When does a elderly relitive not have capacity to make choices?(4 Posts)
Not sure if I'm posting in the right place.
A elderly relitive has been unwell on and off all year, several hospital stay, the last stay being 2.5 months. Social services are involved but they decided that he (my relitive) gets the final say and he returned home last week, despite being very frail and unable to care for him myself. He has carers coming in 4 times a day and has a emergency button (careline). Since being home he has used the careline 5-6 times a day, 3 times a ambulance has been dispatched to him but he has refused to go to hospital, the other times either me or another family member has been asked to go and help him, several times because he has messed himself or been unable to get to his commode. He cries and moans that no one is helping him but he refuses to go back to hospital or a home, he expects his family to care for him (we can't, we are doing as much as we can which isn't enough to keep him safe). He now has a bladder infection.
I haven't slept since he's been home as I get calls in the night to tend to him, I have to refuse as I am a single parent and can not leave my dc's in the middle of the night, if no one can attend then a ambulance is sent. I'm tired and mentally exhausted as are other family members.
I have called social services several times and they say they will call me back but they don't. Social services told us before he went home that it would only be a trial and that they would have a care home placement ready if it doesn't work but they are doing nothing to help. Elderly relitive is a mess, very underweight, doubly incontinent ( catheter has now been fitted) and too frail to move around. All I keep getting told is that he still has capacity to make his own choices and he refuses to leave his home.
When does a person not have capacity to make that choice?
I do not think this is a mental capacity case. It sounds like (very common) that adult social care has been placed as he has a care package and in many cases, there has been a discharge from hospital with no OT assessment on his living environment.
Mental capacity or the lack of can only be determined by the court of protection and is hard to establish. That would mean an application either from a family member or a LA representative were there no nearest relative available.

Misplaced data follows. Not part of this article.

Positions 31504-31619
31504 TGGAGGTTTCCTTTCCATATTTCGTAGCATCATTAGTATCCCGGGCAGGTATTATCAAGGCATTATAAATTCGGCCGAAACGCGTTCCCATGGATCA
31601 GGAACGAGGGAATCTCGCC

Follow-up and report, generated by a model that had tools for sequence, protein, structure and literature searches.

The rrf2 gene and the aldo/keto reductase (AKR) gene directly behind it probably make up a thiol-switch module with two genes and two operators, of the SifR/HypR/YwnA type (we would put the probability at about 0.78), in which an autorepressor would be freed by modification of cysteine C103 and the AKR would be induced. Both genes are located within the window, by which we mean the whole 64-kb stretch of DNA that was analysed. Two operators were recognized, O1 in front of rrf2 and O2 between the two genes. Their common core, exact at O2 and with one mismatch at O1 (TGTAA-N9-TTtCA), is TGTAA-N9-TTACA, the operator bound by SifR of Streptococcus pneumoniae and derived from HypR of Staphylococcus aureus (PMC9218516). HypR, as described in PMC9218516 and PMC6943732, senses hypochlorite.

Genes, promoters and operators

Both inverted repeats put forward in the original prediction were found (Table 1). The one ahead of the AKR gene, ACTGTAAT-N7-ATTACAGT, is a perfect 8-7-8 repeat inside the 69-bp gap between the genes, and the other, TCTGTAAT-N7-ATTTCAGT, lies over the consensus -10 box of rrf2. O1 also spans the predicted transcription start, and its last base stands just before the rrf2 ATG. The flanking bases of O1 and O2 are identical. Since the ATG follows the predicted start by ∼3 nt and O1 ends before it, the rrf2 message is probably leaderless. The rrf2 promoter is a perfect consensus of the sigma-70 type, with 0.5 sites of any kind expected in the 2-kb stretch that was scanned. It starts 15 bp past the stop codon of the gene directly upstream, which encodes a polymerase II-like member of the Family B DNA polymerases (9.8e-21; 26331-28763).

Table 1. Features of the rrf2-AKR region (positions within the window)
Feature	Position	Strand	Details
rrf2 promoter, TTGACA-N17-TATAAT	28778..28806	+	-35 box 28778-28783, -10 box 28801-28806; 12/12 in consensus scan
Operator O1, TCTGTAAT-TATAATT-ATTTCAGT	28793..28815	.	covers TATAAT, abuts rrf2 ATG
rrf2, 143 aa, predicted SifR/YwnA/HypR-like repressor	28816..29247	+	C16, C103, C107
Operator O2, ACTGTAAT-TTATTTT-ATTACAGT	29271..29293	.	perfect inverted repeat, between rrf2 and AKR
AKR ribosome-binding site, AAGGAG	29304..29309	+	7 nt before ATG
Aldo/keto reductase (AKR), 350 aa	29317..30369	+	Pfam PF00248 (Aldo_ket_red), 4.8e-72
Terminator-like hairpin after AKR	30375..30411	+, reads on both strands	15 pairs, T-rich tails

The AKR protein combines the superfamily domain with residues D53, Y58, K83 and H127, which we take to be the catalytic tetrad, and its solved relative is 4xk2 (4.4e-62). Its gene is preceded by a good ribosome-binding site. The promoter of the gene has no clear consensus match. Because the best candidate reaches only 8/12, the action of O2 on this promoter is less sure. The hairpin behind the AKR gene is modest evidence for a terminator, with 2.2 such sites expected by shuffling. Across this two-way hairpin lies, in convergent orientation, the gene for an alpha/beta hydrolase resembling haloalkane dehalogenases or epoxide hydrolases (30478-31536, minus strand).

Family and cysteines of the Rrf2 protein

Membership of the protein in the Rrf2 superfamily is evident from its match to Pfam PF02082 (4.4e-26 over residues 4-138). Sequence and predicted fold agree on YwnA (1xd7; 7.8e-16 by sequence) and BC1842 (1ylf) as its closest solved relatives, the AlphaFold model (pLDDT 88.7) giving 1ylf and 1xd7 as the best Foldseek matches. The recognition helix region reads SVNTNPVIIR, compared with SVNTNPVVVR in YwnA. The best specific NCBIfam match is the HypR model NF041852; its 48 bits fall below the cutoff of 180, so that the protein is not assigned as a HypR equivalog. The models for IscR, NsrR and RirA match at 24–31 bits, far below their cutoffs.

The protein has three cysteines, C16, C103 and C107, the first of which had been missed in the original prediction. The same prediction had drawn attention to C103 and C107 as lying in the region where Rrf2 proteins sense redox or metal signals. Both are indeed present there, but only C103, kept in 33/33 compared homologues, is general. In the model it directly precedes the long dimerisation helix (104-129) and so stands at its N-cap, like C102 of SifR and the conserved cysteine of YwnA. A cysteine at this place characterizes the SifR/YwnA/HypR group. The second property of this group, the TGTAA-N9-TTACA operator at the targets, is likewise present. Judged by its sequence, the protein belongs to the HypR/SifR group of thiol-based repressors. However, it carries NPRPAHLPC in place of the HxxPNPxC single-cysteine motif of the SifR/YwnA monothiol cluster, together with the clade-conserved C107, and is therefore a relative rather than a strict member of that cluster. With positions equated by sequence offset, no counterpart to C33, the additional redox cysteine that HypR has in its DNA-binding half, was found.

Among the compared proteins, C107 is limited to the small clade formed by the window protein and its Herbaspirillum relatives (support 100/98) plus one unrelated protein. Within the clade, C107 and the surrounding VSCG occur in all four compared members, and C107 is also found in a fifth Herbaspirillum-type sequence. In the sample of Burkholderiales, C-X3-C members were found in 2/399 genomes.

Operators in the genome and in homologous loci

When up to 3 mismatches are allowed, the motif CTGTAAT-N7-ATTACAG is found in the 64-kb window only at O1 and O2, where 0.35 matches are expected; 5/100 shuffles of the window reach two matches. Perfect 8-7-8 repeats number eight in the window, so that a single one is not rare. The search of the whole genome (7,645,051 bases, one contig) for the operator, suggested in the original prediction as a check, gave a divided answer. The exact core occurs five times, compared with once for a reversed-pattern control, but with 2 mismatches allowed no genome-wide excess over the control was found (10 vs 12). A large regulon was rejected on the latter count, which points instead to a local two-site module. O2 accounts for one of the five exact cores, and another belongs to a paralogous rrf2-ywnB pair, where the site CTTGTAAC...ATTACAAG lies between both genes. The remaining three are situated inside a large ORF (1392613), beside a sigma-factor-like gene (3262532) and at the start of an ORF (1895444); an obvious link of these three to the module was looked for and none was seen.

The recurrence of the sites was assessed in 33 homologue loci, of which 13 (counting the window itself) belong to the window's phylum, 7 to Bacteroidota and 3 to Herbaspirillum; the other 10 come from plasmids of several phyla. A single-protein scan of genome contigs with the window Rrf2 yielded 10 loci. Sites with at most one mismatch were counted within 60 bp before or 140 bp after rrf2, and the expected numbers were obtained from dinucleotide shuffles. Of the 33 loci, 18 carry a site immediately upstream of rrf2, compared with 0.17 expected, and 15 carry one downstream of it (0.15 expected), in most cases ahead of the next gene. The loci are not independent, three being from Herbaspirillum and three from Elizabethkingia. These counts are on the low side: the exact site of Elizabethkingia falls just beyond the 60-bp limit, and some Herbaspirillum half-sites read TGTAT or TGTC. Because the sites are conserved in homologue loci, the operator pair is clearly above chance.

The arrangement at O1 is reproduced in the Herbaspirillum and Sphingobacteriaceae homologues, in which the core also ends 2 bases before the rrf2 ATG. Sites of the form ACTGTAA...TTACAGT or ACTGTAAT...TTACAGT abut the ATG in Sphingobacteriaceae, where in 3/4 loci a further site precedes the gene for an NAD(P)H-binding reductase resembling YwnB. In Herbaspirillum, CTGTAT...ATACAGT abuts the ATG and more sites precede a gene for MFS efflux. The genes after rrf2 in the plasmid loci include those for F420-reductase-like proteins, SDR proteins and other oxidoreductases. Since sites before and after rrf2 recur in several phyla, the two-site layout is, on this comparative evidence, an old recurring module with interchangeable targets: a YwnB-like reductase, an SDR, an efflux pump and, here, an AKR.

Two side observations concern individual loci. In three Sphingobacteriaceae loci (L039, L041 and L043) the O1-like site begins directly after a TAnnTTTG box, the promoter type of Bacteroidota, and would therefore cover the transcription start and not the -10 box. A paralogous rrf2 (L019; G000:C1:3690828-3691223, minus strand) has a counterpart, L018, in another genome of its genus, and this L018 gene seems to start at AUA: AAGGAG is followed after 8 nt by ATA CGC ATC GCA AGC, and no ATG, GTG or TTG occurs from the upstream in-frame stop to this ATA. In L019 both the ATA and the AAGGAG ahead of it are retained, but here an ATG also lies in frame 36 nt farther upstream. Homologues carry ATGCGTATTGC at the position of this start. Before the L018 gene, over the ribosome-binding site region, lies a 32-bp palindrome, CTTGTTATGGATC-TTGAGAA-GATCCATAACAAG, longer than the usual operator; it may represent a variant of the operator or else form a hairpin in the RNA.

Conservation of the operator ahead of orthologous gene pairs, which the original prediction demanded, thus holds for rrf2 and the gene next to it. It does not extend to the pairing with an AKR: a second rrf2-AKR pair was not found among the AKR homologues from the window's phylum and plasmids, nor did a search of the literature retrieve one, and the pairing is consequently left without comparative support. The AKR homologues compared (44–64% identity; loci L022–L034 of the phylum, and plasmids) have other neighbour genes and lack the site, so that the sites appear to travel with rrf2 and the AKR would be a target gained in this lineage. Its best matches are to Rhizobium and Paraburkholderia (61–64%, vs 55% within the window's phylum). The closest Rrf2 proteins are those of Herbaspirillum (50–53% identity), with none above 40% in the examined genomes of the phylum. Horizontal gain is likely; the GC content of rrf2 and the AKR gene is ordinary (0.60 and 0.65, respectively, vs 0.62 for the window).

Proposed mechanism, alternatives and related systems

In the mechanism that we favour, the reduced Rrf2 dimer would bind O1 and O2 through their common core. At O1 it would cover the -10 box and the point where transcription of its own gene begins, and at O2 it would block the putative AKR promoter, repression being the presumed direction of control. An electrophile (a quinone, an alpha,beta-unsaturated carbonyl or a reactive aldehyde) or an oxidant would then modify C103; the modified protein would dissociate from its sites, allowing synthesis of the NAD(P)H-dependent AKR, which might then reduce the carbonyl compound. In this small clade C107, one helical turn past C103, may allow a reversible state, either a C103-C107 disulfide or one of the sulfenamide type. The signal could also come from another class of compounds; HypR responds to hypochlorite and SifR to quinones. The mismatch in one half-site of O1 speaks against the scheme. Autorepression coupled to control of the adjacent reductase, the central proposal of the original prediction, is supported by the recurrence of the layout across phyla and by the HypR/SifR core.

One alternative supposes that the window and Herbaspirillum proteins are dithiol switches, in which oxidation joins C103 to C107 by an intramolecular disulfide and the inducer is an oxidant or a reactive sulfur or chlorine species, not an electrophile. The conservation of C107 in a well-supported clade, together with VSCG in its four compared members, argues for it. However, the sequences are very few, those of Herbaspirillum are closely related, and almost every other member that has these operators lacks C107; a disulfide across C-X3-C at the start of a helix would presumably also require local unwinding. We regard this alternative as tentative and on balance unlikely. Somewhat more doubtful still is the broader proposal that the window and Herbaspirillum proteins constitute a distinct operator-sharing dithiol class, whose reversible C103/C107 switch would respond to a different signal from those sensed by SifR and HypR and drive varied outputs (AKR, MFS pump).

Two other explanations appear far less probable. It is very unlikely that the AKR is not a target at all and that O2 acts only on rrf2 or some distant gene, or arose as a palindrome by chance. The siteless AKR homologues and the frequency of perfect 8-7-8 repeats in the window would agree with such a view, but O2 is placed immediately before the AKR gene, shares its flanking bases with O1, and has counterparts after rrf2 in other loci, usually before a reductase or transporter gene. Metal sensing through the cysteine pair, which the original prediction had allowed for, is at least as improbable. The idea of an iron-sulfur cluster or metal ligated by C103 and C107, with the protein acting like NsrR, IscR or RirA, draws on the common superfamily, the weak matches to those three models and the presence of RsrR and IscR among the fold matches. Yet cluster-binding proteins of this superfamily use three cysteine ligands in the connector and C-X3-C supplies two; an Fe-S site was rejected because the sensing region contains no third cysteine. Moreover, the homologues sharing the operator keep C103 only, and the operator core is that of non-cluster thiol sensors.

I would place your concerns in writing to the adult social care team at your LA. Lay out your concerns as a safeguarding issue in your relatives case. IT may also be worthwhile speaking to one of the carers so they can document your concerns as they will have a written audit trail of their visits in a file kept at your relatives home. Ask the carer to report into their line manager your concerns so they can activate their end also. Carers can be worth their weight in gold in reporting safeguarding issues. Can assist in pushing the information along to adult social care services.
His GP or the social worker can carry out a capacity assessment, they can assess his understanding of his mental and physical state and if he feels he is at risk, he is still entitled to express his choices. If he is deemed to have capacity to make all his own decisions, including not having help at home or going into hospital then you could apply for power of attorney if you feel this is something you'd want to do. You would then be able to make decisions on his behalf if he later lost capacity. All this info is available on the mental capacity act website. If you feel he is at serious risk of harm or neglect at home you can call the social services adult safeguarding team. Someone must have assessed him to get carers in, the carers can go back to their manager If they feel he needs more help. If an ambulance has been to the house there should be a copy of each visit at the house which would say why they came, what happened and what advice they gave. If you don't want to respond to the careline you have to ring the careline company and make sure your name is not down as a responder, they will have to find an alternative.
I would ask for a GP review, preferably at his home and a social services home environment and care needs assessment.
To have capacity he must be able to understand the information being given to him, weigh it up to make a decision and communicate that decision back. The fact that he makes (what most people would see as) the ‘wrong’ decision does not mean that he lacks capacity. And that can be very difficult to deal with, OP, I’m sorry you’re in this situation. Good advice above.
Join the discussion
Registering is free, easy, and means you can join in the discussion, watch threads, get discounts, win prizes and lots more.Register now »
Already registered? Log in with:
Please login first.